Tuesday, August 5, 2008

Bad English


Between You and I. A Little Book of Bad English. James Cochrane.

While I certainly enjoy any praise that my writing garners, the hard truth is that I am far from a literary master. I am actually running on the fumes of my high school English classes; which leads me, on occasion, to search out refreshers and supplements for my knowledge of the written word.

Between You and I is a small handbook that outlines many common mistakes committed by users of the English language. If the title causes the hair on the back of your neck to bristle a bit, you are already ahead of the game. If not... then all the more reason to read further.

The book is arranged as a large list in alphabetical order, and is written in an authoritative British tone, yet at many times is very humorous. It has hundreds of incorrect usages; words that sound similar, misused phrases/cliches, and many "half-educated" uses of language. It also highlights 'lost-causes', incorrect bits of language that have become so ingrained that they are now mostly acceptable.

It serves as a guide for those that wish to "salvage the standards of the English language". Personally, I'd just rather not sound like an idiot. Here are some examples:

could of Educated readers will not need to be told that could of represents an illiterate mishearing of the contraction for could have - could've - and can never, in any circumstances, be considered correct English.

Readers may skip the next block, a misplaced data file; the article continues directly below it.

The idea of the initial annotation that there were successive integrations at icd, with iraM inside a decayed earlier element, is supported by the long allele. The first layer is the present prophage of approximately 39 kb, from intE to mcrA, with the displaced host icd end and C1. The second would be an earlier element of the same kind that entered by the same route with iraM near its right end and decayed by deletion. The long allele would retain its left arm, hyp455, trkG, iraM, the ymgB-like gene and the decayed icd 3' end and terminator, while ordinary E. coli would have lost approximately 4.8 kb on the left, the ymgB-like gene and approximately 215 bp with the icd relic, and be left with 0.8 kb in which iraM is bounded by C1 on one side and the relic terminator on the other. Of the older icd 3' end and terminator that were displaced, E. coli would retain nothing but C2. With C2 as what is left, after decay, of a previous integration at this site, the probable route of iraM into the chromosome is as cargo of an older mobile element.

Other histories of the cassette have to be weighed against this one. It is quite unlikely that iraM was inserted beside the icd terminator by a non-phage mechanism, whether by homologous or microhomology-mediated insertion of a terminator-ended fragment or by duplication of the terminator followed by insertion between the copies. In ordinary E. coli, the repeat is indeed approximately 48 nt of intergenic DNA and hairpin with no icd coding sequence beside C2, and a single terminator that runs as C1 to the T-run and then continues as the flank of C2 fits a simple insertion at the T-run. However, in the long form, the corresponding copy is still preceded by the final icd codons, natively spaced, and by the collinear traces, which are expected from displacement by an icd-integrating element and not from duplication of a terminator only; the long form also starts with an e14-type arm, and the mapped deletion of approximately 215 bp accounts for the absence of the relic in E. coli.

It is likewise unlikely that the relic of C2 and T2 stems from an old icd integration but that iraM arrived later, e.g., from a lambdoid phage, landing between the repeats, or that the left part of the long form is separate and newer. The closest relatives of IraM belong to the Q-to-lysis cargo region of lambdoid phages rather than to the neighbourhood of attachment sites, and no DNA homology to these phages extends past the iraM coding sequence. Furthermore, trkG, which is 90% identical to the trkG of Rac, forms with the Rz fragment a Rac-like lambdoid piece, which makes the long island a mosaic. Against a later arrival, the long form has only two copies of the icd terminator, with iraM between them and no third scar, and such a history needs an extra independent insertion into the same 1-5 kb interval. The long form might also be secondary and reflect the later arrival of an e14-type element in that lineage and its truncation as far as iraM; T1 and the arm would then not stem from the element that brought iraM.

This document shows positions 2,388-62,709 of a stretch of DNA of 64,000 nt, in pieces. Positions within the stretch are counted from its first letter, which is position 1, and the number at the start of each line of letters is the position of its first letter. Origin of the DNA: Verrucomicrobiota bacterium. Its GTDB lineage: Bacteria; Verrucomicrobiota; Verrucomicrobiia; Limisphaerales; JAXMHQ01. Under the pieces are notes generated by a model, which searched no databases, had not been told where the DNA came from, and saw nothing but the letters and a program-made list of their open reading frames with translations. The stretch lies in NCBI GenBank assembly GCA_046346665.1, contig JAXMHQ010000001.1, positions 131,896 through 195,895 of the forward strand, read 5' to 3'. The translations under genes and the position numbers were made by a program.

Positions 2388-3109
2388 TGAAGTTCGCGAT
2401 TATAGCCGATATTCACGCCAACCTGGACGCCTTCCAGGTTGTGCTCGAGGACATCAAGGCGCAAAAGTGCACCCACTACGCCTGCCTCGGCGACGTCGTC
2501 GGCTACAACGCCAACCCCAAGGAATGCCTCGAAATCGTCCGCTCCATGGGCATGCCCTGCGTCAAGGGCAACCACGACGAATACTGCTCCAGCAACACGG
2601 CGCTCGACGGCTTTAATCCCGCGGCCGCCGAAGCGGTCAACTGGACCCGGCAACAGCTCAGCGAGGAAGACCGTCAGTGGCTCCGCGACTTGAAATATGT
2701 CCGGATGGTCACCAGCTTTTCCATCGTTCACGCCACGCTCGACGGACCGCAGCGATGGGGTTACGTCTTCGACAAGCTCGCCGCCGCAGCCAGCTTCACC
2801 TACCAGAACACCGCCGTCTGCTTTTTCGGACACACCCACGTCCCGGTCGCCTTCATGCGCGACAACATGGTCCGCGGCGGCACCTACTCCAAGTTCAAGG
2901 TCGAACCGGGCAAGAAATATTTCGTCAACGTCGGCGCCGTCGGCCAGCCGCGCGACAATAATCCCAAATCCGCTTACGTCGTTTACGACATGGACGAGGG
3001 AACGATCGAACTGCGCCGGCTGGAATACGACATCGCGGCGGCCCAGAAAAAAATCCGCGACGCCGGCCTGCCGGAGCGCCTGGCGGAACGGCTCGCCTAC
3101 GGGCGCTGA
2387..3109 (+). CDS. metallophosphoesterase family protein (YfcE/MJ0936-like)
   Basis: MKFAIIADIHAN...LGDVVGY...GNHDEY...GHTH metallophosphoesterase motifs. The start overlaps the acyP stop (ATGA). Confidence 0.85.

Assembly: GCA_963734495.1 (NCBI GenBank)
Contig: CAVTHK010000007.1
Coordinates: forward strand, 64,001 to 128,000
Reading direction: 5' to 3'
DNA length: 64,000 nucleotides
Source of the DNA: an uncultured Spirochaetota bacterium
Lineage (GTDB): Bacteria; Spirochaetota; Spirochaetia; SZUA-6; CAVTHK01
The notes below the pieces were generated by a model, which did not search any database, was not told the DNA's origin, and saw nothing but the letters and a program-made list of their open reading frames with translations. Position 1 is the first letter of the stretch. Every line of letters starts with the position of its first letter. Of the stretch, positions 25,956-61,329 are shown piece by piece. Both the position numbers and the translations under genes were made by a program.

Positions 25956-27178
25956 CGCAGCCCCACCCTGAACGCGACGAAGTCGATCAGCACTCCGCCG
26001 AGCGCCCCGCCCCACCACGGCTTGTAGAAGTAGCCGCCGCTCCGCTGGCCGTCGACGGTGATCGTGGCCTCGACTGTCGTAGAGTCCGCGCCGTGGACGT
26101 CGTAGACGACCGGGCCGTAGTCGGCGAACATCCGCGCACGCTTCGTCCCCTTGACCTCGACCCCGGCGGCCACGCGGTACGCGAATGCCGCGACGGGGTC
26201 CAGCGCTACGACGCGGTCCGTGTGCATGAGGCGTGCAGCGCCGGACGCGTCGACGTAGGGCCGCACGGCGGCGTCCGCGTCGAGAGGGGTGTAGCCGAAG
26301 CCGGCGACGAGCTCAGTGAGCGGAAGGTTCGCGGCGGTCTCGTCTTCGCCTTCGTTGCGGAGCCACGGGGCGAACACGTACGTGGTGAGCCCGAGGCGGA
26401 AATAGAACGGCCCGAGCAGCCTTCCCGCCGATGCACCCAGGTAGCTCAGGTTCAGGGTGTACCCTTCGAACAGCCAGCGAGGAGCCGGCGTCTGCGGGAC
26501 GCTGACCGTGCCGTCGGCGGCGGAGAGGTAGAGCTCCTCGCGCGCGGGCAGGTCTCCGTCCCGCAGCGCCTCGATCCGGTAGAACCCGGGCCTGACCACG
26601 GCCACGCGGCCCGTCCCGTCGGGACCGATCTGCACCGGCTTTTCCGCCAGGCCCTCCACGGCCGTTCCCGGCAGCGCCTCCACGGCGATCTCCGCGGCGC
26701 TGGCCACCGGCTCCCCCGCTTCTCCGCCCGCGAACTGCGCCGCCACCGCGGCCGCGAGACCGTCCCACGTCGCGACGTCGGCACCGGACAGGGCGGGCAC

decimate ...related to decimal...the ancient Romans dealt with mutiny by selecting one man in ten, chosen by lot, for punishment. Decimated is now often used instead of some such word as devastated, but should not be...

less and fewer Less describes quantity, fewer describes number. For example: "For a healthy diet we should eat less sugar, salt, and animal fat and fewer sweets and chocolates." It is Bad English to write e.g., "There were less accidents on the roads last year than any year since 1958."...
Many of these hints are hard to remember and may even seem rather unnatural, as some have been so ingrained that they are nearly impossible to reverse. I do not think I will become a perfect writer overnight (veritably this post has a few errors), but this book will definitely help me avoid the most egregious blunders. I recommend this to any one who wishes to improve their command of the English language, as well as keep the grammar police at bay.

4 comments:

sunil said...

hi, nice post. In my view 'Word power made easy' by Norman Lewis might help too in correcting ur english. Mainly people make lots of grammatical errors. This might help them out. Will try out the book you have reviewed to chk out which one is the best.

momjeansblogger said...

I love this book already. I have to get it!

Nimic said...

I've had a resurgence of interest in language as of late too. I think it's because we're blogging so much, and we don't want to sound like idiots :).

Chief said...

Thanks for the comments...

If you're interested in the book, I picked it up on the 'discount' pile at Border's for about 2 bucks. Or (shameless plug) you can get it from my handy-dandy Amazon widget. One caveat, it is rather short (abt 130 pgs.) with large print. It is by no means an exhaustive source.